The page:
To summarize, any CSMA revision process could involve three components:

  1. Incorporation of the latest benchmarks from the Input-Output Tables;
  2. Incorporation of the latest annual survey and administrative data
  3. Incorporation of new concepts, methods, accounting standards and classification systems

In general, the first two types of revisions will be carried out each year and these revisions generally only impact the CSMA time series for years T-1, T-2 and T-3, while the third type of revision will occur less frequently (once every 2 to 3 years) but will generally impact the entire time series.

Upcoming revisions planned for 2013, 2014 and 2015

Over each of the next three years the following revisions will be introduced into the CSMA.

In 2013, the CSMA will introduce 2009 and 2010 benchmarks originating from the national and provincial Input-Output Tables, as well as the latest data from Statistics Canada’s various annual survey and administrative data programs. In addition, revised estimates of consumption of fixed capital, originating from the capital stock program, will be included for the period 1981 to 2012. Finally, a number of smaller statistical revisions to eliminate breaks in various detailed series will be introduced throughout the CSMA time period. For the most part, these are being introduced to align the time series with the 2009 benchmarks. These detailed revisions will not impact any aggregate macroeconomic indicators but will improve the quality of the detailed time series.

In 2014, in addition to incorporating the latest benchmarks from the Input-Output Tables (reference year 2011) and annual and administrative data, the CSMA will incorporate new public sector data resulting from the conversion of Canada’s government statistics to the International Monetary Fund’s (IMF) government financial statistics (GFS) compilation guide. GFS is the internationally accepted standard for reporting government financial statistics, which Statistics Canada has been working towards over the last number of years. The GFS data will be integrated into the CSMA in 2014, and may result in a revision to the government sector data (revenues, expenditures, assets and liabilities). These revisions will be the result of improved data collection techniques, changes in the way the data are reported (a move to accrual from a modified cash treatment) and changes in the classification of government transactions. The CSMA will introduce these data from 2008 onwards, but if warranted (if there are breaks in the time series), may also revise years prior to 2008.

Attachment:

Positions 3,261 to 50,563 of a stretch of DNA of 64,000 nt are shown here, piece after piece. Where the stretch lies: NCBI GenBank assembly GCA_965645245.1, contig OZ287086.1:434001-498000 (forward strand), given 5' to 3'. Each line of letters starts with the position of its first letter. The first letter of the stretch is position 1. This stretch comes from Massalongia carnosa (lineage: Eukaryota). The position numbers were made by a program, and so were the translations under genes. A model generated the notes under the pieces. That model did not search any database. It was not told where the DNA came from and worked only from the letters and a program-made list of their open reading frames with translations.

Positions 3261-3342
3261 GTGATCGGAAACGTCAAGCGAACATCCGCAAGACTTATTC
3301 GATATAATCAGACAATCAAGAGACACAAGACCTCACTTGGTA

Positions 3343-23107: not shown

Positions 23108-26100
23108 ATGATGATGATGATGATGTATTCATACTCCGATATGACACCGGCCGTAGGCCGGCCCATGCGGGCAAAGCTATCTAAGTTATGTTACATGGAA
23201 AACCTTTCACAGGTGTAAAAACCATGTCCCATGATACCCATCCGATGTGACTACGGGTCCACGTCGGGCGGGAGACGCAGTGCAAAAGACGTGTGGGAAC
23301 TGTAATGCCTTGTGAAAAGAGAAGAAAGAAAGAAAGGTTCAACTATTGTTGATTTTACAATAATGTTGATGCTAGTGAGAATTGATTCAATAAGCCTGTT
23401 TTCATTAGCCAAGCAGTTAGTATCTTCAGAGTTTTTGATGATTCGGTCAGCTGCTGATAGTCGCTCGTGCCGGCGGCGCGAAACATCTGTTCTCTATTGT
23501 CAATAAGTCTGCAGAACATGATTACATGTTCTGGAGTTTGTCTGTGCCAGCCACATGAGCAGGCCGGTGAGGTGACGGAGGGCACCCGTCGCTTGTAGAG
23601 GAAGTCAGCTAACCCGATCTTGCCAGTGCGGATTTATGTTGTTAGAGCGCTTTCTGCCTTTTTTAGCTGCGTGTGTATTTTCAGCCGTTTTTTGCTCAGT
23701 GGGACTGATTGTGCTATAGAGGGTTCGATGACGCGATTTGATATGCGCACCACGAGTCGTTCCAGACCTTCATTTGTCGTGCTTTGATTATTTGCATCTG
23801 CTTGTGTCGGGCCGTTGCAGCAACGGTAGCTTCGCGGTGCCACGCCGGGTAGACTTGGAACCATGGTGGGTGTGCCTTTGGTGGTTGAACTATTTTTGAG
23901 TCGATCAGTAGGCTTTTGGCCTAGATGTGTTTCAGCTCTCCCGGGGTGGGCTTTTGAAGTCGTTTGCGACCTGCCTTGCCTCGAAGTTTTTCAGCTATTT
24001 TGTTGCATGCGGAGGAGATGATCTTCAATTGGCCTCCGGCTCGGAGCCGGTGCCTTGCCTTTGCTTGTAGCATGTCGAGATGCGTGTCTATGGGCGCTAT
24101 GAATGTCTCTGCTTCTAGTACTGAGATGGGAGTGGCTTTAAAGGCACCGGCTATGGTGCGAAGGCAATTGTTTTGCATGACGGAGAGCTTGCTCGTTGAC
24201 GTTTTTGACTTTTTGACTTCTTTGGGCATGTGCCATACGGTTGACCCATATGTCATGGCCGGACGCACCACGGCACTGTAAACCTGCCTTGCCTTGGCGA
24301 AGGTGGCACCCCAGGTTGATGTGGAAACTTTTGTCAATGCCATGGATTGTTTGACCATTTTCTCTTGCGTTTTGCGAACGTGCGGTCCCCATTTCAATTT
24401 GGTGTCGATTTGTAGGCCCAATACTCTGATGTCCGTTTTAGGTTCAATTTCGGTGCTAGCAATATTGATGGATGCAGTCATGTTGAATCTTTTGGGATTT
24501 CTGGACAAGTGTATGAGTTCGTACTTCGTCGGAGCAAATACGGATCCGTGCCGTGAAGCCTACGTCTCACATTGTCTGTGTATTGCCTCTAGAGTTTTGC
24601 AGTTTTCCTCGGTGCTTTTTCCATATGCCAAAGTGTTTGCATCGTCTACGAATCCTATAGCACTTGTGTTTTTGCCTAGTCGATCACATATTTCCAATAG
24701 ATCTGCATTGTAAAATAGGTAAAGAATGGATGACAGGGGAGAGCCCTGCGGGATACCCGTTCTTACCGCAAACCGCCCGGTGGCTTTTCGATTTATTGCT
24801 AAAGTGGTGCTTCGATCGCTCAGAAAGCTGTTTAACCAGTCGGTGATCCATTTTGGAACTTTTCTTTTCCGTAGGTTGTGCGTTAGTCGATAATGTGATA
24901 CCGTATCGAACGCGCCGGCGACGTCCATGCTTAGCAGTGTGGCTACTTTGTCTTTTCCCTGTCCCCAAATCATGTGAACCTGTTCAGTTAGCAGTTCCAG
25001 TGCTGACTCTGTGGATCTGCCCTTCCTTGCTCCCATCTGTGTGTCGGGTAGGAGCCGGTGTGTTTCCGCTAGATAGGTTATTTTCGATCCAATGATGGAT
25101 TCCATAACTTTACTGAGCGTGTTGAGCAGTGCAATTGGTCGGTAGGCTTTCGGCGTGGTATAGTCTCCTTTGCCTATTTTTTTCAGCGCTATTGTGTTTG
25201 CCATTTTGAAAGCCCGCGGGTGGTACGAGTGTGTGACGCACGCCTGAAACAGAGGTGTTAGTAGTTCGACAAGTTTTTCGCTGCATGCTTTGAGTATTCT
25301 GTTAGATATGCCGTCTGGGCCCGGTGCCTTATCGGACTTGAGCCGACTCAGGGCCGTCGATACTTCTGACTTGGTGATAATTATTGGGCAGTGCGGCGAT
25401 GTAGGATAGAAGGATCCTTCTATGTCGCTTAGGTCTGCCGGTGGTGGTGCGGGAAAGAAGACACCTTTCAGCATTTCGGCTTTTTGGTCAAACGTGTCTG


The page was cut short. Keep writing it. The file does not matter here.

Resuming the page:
Finally, in 2015, Statistics Canada will undertake a comprehensive revision to further align with international standards and achieve coherence with the U.S. National Income and Production Accounts (NIPA) and the European System of National Accounts (ESA), following their comprehensive revisions. Important changes to those standards are being made over the next few years, changing the treatment of financial services and pensions. Statistics Canada envisions making similar changes, ensuring that our accounts remain compatible. The CSMA will also incorporate revised benchmarks from the Input-Output Tables as well as the latest annual and administrative data.

It is important that users familiarize themselves with this new revision policy. Statistics Canada endeavours to communicate upcoming revisions well in advance so that users can understand the revisions and adapt systems, analysis and models to incorporate new estimates.

Statistics Canada will continue to use the publication Latest Developments in the System of National Accounts to advise users of upcoming changes.


  1. In the past, these were often referred to as ‘historical’ revisions. The CSMA now refers to these as ‘comprehensive’ revisions, to align with the terminology used by the U.S. Bureau of Economic Analysis in their National Income and Product Accounts (NIPA).